I was one of those kids who always wanted to be a writer. One of my favorite TV shows was a Superman series starring George Reeves. Superman didn’t impress me. I was more interested in Lois Lane and her work although I don’t remember her doing any actual writing. She spent most of her time trying to learn more about Superman, clearly an indication that she wasn’t much of a researcher. A good reporter would have been able to see through a disguise that consisted only of removing eyeglasses, a different hairstyle, and tights and a cape. But I saw Lois with her little notebook and pencil acting very reporterly, and I wanted to be just like her.
I also did a lot of reading mostly mysteries. I went to a small school that didn’t have a library for elementary students. Instead, each classroom had a few shelves of books that we could check out. The fourth grade classroom had a series of books about trailblazers including Davy Crockett, Daniel Boone, and Kit Carson. That was my introduction to biographies, and I loved them. I think I read the series about three times that year.
In high school, I wrote stories, poems, and of course, the usual school reports. In my senior year, I was editor of our school newspaper. In my mind, I was preparing for a career as a writer. I got off that path after people warned me I couldn’t make a living as an author. I needed to do something practical rather than chasing a writing dream.
So, I went off to college where I majored in English and got my teaching certificate. Then I settled into jobs such as teaching and working at our public library and in school libraries. All very practical jobs! I wrote when I could, and sold a few articles, but I didn’t get serious about writing until 1991 when our son and daughter were in high school. Then I began writing every day, mostly stories and picture books. I started writing biographies after another writer said I should write what I like to read. I remembered how much I enjoyed biographies when I was a kid and decided that’s what I wanted to do.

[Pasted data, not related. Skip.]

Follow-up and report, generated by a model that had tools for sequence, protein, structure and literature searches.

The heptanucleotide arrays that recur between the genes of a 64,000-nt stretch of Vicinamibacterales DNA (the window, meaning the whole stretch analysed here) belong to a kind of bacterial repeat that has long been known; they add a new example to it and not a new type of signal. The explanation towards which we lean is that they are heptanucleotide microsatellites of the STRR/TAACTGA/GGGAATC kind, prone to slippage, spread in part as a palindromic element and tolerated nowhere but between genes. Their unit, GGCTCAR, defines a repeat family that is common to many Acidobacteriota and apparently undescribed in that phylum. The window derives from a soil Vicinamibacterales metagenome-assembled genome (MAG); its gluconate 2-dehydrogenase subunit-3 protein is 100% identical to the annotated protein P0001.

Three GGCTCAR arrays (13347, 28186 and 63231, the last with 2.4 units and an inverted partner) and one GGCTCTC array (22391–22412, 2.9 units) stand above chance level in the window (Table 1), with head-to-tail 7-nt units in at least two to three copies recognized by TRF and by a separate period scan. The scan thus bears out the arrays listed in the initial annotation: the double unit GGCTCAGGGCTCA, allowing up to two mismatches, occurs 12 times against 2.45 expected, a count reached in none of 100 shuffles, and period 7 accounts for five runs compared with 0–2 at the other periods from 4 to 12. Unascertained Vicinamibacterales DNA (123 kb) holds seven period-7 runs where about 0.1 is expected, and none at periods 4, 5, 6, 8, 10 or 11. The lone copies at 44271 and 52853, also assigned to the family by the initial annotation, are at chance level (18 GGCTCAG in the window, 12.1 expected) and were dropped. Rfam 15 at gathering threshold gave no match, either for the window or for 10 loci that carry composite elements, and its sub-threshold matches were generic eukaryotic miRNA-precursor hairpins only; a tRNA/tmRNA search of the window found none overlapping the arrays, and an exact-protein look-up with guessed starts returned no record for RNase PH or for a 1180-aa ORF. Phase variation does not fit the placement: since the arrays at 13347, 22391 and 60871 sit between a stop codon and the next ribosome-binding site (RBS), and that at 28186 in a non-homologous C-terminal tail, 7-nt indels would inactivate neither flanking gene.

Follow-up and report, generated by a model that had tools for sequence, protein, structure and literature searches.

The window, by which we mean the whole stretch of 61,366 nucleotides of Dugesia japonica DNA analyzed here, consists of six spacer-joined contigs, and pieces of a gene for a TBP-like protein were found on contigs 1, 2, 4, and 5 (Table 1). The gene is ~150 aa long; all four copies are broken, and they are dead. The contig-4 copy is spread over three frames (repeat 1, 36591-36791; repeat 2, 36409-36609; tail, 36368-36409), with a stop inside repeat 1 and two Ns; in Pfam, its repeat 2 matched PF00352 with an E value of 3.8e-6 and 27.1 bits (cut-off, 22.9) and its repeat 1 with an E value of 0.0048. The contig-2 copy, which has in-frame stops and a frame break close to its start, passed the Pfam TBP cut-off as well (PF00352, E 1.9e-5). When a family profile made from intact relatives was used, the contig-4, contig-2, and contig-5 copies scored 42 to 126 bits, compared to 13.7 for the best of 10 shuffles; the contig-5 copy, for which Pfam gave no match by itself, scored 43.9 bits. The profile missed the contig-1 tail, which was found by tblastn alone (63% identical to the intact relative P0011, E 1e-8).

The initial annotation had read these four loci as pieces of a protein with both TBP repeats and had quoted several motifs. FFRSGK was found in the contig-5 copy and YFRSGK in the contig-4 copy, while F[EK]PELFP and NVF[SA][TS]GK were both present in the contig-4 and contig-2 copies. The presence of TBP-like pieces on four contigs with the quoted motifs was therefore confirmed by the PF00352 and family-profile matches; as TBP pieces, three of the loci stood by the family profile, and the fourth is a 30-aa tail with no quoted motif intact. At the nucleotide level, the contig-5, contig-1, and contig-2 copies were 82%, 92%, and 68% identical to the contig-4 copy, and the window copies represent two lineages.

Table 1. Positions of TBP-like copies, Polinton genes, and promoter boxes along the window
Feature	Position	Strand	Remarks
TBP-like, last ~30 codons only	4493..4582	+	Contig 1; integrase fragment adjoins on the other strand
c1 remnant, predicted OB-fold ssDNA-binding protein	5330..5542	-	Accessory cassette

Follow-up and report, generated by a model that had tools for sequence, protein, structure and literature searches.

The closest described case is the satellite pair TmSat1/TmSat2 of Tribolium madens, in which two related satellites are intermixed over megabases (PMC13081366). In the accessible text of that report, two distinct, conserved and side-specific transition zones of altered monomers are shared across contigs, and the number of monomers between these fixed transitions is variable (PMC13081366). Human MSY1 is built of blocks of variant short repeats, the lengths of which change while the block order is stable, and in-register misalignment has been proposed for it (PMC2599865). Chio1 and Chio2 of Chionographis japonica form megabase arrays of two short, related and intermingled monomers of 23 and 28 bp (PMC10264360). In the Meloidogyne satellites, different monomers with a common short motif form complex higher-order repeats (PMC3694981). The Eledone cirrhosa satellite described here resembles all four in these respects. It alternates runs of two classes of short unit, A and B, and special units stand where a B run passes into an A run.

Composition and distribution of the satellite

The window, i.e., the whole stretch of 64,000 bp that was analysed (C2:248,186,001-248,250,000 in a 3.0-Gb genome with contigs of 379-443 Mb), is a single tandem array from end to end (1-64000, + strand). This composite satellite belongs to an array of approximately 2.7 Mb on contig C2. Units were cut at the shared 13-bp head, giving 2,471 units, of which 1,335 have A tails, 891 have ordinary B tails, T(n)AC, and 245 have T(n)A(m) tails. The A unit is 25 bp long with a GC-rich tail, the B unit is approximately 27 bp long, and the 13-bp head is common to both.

My first nonfiction book was a collective biography about young girls who had saved someone’s life. I thought it was a book that belonged in every library. Unfortunately, publishers didn’t agree. I didn’t sell that book, but it opened a door for me. An editor liked my writing style, which led to a contract for a young adult biography about author Alice Walker. The rest, as they say, is history.
When I’m not writing, I enjoy reading, walking, working in my flower beds, and going on motorcycle rides with my husband. After a break, I’m always happy to get back to work. For me, the best part of writing is that I’m always learning something new.